A melodrama is a dramatic work in which the plot, which is typically sensational and designed to appeal strongly to the emotions, takes precedence over detailed characterization. Characters are often simply drawn, and may appear stereotyped.
In scholarly and historical musical contexts, melodramas are Victorian dramas in which orchestral music or song was used to accompany the action. The term is now also applied to stage performances without incidental music, novels, movies, and television and radio broadcasts. In modern contexts, the term “melodrama” is generally pejorative, as it suggests that the work in question lacks subtlety, character development, or both. By extension, language or behavior which resembles melodrama is often called melodramatic; this use is nearly always pejorative.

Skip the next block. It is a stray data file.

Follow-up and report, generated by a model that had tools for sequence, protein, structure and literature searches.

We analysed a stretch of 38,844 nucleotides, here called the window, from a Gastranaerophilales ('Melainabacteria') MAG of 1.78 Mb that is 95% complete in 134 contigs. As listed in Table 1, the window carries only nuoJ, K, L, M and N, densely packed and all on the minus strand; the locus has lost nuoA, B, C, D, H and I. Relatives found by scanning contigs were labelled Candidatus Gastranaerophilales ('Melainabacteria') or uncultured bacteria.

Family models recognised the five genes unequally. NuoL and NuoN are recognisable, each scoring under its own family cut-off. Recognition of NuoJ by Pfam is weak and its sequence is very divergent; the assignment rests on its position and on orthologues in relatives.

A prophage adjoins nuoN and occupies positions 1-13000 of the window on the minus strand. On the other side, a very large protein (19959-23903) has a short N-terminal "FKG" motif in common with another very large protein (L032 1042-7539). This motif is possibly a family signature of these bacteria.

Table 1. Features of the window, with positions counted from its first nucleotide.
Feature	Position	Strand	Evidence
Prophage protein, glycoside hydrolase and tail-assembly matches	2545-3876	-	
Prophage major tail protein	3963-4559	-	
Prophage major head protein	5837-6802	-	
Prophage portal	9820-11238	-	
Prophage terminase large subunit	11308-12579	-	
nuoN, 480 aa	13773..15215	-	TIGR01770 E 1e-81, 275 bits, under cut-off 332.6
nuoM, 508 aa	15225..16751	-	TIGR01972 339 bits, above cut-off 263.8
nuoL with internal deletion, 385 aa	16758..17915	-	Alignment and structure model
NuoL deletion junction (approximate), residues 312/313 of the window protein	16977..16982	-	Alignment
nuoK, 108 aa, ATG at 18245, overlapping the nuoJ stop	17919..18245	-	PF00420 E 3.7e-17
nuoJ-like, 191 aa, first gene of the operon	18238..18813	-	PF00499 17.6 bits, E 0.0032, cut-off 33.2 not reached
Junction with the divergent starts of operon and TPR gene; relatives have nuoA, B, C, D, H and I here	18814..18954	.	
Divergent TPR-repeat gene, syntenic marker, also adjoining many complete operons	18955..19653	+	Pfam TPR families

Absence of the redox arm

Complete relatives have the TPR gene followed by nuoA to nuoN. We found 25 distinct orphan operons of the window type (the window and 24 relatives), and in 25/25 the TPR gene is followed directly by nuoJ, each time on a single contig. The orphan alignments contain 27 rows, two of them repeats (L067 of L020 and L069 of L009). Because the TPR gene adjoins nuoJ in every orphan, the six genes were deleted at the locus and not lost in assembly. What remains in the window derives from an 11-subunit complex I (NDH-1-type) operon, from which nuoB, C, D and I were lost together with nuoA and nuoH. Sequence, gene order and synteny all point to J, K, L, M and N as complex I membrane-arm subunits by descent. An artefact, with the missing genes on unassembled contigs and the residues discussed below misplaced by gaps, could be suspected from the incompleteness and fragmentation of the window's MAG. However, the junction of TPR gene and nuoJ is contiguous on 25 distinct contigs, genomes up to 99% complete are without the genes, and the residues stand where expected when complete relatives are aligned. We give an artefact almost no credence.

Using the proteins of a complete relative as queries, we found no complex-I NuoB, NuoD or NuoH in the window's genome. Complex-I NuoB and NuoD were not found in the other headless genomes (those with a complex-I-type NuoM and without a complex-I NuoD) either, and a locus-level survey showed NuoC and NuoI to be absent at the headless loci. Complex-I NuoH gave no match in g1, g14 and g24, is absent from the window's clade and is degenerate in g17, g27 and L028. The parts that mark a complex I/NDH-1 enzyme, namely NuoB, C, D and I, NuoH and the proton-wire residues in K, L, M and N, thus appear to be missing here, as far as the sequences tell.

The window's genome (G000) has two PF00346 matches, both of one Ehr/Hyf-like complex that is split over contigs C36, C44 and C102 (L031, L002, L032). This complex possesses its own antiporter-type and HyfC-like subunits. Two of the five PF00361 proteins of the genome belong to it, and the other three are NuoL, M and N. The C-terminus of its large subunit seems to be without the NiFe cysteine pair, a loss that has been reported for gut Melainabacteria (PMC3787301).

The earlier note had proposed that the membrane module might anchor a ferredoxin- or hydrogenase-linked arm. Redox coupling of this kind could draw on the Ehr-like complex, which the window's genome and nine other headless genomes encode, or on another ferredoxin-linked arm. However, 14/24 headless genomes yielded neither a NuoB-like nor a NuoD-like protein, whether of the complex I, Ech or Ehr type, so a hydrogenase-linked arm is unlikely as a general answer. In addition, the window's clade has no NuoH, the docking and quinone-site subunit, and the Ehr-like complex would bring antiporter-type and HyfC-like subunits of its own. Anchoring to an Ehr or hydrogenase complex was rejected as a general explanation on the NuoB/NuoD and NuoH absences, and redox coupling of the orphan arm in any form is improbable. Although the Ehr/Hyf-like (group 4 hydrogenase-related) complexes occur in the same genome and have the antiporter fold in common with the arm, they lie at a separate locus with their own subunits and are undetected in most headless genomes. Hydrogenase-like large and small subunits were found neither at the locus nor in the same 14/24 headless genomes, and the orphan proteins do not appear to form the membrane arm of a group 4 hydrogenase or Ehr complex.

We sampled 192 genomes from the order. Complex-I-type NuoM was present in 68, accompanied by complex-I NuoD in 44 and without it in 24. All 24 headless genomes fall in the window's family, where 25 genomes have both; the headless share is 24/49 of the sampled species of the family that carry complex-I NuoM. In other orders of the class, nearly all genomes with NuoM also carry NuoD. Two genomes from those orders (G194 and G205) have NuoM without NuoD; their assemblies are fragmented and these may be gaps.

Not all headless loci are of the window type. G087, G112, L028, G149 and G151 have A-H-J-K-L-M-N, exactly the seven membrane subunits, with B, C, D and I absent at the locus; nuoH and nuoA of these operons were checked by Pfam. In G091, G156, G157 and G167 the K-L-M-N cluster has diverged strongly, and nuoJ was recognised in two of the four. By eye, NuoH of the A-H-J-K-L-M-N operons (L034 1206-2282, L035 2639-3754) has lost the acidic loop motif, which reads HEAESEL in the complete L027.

The term originated from the early 19th-century French word mélodrame. It is derived from Greek melos, μέλι, honey, melody, μελωδία, sweet song, music, and French drame, drama (from Late Latin drāma, eventually deriving from classical Greek δράμα, theatrical plot, usually of a Greek tragedy).
Of or pertaining to melodrama; like or suitable to a melodrama; unnatural in situation or action.
Exaggeratedly emotional or sentimental.
“She wrote him a melodramatic letter, threatening to kill herself.”
Dramatic to excess.